Dr. Martine van der Ploeg, assistant professor in the Department of Environmental Sciences at Wageningen University, the Netherlands, was recently awarded the SSSA Soil Physics Division Early Career Award. This award recognizes scientists who have made outstanding contributions in soil physics within six years of completing their Ph.D. degree. Applicants must be active members of SSSA, provide evidence of quality teaching (if in a teaching position) and effectiveness in extension and/or outreach activities, contribute original basic and/or applied research in soil physics, and participate in public, professional, and institutional domains.
Martine’s research shows her originality and versatility as it covers a broad research area ranging from subpermafrost environments to monitoring systems. In her PhD, she successfully combined polymer chemistry, ceramic technology, and soil physics into a system that could measure beyond wilting point—a goal long seen as a holy grail in soil physics—, and in subsequent research applied this technology in ecogenomics and plant physiology research.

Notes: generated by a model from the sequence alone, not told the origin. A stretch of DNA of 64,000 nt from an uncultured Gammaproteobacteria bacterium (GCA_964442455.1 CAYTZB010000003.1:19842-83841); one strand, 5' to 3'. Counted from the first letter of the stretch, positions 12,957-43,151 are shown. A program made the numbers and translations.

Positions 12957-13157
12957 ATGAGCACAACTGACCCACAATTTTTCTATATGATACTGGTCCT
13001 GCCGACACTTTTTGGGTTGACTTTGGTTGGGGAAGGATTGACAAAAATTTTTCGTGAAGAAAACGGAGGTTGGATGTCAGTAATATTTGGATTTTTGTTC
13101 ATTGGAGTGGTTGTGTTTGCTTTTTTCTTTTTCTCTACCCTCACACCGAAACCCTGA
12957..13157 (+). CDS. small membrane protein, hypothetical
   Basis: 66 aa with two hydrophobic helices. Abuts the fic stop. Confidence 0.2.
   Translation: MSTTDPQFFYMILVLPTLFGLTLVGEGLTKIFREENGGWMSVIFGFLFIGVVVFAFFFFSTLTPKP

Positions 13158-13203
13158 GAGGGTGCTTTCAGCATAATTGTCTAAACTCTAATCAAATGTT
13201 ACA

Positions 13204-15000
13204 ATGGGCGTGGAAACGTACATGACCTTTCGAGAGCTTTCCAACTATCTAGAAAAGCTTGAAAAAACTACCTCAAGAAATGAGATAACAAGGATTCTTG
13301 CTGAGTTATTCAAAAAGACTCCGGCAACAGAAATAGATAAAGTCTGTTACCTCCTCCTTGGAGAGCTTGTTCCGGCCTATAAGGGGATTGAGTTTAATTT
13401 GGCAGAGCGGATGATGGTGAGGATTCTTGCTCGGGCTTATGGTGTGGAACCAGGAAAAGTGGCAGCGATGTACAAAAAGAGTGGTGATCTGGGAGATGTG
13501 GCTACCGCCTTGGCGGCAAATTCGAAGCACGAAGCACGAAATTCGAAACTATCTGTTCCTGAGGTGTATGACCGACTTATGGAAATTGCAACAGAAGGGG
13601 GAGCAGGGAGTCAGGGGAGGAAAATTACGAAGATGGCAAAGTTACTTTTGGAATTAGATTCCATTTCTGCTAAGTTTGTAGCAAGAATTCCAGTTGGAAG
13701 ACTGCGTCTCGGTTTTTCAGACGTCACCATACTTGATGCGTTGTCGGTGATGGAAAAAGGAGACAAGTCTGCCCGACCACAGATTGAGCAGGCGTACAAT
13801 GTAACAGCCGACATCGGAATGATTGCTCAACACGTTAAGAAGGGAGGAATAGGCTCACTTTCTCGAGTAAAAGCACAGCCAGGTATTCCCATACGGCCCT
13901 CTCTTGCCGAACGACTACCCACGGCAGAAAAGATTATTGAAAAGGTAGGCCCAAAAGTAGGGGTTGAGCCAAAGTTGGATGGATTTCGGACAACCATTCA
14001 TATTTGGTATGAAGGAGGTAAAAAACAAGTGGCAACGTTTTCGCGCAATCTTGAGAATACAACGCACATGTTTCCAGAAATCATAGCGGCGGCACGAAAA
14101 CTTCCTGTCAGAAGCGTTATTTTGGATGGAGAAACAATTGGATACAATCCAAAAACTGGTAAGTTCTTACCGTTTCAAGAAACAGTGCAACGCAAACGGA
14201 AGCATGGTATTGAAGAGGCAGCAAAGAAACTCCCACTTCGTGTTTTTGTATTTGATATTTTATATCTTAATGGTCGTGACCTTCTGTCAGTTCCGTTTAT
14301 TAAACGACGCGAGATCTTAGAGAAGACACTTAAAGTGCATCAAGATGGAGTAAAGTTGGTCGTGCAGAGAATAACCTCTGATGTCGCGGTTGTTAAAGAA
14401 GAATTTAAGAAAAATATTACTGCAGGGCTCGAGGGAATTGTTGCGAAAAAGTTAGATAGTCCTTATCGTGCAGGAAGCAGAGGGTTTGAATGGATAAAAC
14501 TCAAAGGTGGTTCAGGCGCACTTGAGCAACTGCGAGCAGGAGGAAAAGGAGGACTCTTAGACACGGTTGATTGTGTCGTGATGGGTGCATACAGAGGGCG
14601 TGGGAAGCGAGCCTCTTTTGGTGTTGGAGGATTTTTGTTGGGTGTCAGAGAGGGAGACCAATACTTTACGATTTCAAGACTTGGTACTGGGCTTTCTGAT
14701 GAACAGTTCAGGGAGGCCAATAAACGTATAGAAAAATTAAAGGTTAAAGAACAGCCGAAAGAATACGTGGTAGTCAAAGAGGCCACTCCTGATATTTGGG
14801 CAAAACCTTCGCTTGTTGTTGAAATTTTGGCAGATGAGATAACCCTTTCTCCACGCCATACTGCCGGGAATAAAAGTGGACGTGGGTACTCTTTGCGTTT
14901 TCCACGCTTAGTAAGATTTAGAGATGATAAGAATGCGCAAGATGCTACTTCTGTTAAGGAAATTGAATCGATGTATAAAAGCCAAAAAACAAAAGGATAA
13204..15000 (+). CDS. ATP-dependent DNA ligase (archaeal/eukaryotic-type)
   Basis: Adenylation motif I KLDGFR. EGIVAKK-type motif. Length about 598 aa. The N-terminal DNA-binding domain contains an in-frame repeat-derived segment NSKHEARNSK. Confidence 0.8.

In her teaching Martine mobilizes students to apply topical content to formulate sustainable solutions for future challenges (food, water, climate). She teaches in both the regular program at Wageningen University and in the B.Sc. Honours Programme.
She has an impressive service record: is chairs the Vadose Zone subdivision of EGU, and has co-initiated the global network on Groundwater@Global Palaeoclimate Signals and is the European coordinator of this collaboration. In 2014 she became a Board member of the Dutch Scientific Hydrology Center Boussinesq. She co-founded a non-profit to find innovative ways to communicate and interact with society.